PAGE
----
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Laboratory Flasks You Will Often Encounter Across Laboratories

In the present market, there are all sorts of tools and equipment used in laboratories. Ever since laboratories came to exist, you will also find these tools. As the years passed, these tools have undergone important developments and changes. Now, you will find much more reliable tools and instruments used in labs.

When you check out labs, flasks are considered as the most popular instruments inside. There are different types of laboratory flasks that you will find in the present market. They are a type of lab glassware that stores liquid and helps do processes like condensation, precipitation, cooling, heating, and mixing. These laboratory flasks come in an array of uses, materials, and sizes.

Inside the lab, you will find commonly used flasks. Aside from volumetric flasks, you also have Erlenmeyer flasks, Florence flasks, fleakers, Buchner flasks, retort flasks, and Schlenk flasks. This article will explain the basics for these flasks.

The conical flask called the Erlenmeyer flask is one of the most common flasks that you will encounter across labs. With this flask, you will find that it has a small and cylindrical neck as well as a conical base. Having this shape makes it possible for lab personnel to easily use a bung to seal the flask and heat it properly. Aside from ease of heating, researchers can also stir or shake the flask without worrying that the liquid will be spilled. Aside from boiling, heating, and mixing liquid chemicals, you can also measure and hold samples inside.

Another flask that you will come across in labs is the sidearm or Buchner flask. If you look at this flask, it is, in essence, an Erlenmeyer flask with an extended small tube at the side of the neck. At the bottom, you will find that it is shaped like a cone with a short neck where the s mall tube goes out. Thick glass is often used to create this flask. You will find a hose barb at the small sidearm tube. This is a section that catches a flexible hose. Having this design, the Buchner flask can create vacuums with the help of a Buchner funnel.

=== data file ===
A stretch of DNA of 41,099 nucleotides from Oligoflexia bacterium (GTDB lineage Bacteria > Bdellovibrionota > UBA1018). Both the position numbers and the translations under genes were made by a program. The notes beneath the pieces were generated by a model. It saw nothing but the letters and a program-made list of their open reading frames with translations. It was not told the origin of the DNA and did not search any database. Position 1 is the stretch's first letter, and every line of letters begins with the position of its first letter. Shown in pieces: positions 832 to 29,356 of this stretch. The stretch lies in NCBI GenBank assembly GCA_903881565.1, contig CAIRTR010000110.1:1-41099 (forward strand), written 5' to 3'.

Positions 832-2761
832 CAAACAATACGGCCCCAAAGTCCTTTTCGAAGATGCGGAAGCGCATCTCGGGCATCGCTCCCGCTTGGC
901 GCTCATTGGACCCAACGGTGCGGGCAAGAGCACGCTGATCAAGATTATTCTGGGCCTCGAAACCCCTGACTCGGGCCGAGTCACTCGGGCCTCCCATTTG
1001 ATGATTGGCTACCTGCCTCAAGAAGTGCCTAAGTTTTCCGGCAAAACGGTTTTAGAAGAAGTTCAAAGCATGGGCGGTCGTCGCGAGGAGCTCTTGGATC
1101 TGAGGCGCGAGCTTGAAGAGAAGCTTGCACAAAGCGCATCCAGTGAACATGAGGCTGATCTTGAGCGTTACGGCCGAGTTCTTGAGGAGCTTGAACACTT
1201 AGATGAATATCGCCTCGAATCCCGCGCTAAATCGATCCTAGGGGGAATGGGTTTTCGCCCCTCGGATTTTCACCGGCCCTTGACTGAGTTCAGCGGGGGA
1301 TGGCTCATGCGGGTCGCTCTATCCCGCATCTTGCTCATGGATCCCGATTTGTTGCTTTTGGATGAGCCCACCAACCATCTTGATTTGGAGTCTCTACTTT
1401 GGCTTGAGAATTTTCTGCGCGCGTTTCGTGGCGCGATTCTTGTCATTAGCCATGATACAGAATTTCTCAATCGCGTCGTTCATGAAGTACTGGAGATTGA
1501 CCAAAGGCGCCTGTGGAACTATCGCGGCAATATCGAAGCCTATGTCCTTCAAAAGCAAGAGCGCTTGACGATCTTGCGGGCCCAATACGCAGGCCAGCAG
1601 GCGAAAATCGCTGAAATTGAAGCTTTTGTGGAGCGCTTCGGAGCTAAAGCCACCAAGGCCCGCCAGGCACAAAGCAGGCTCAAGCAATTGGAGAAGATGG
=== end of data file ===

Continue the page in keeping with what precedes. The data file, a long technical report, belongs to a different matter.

A fleaker is yet another instrument commonly used in the lab that is a hybrid of a flask, in particular the Erlenmeyer flask, and a beaker. With its cylindrical body, it will go up to e neck that curves inward before it can flare out in a rounded opening. Although fleakers function most similarly to Erlenmeyer flasks, they are intended for liquids.

And last, you have the Florence or boiling flask that is characterized as having a long and thin neck, a large and round sphere, and a rim opening that is slightly flared. With this rounded bottom, you can easily heat solutions found in the flask using your Bunsen burner. The right support is essential to rounded Florence flasks so that they can stand upright. You will find some variants with flat bottoms, however.

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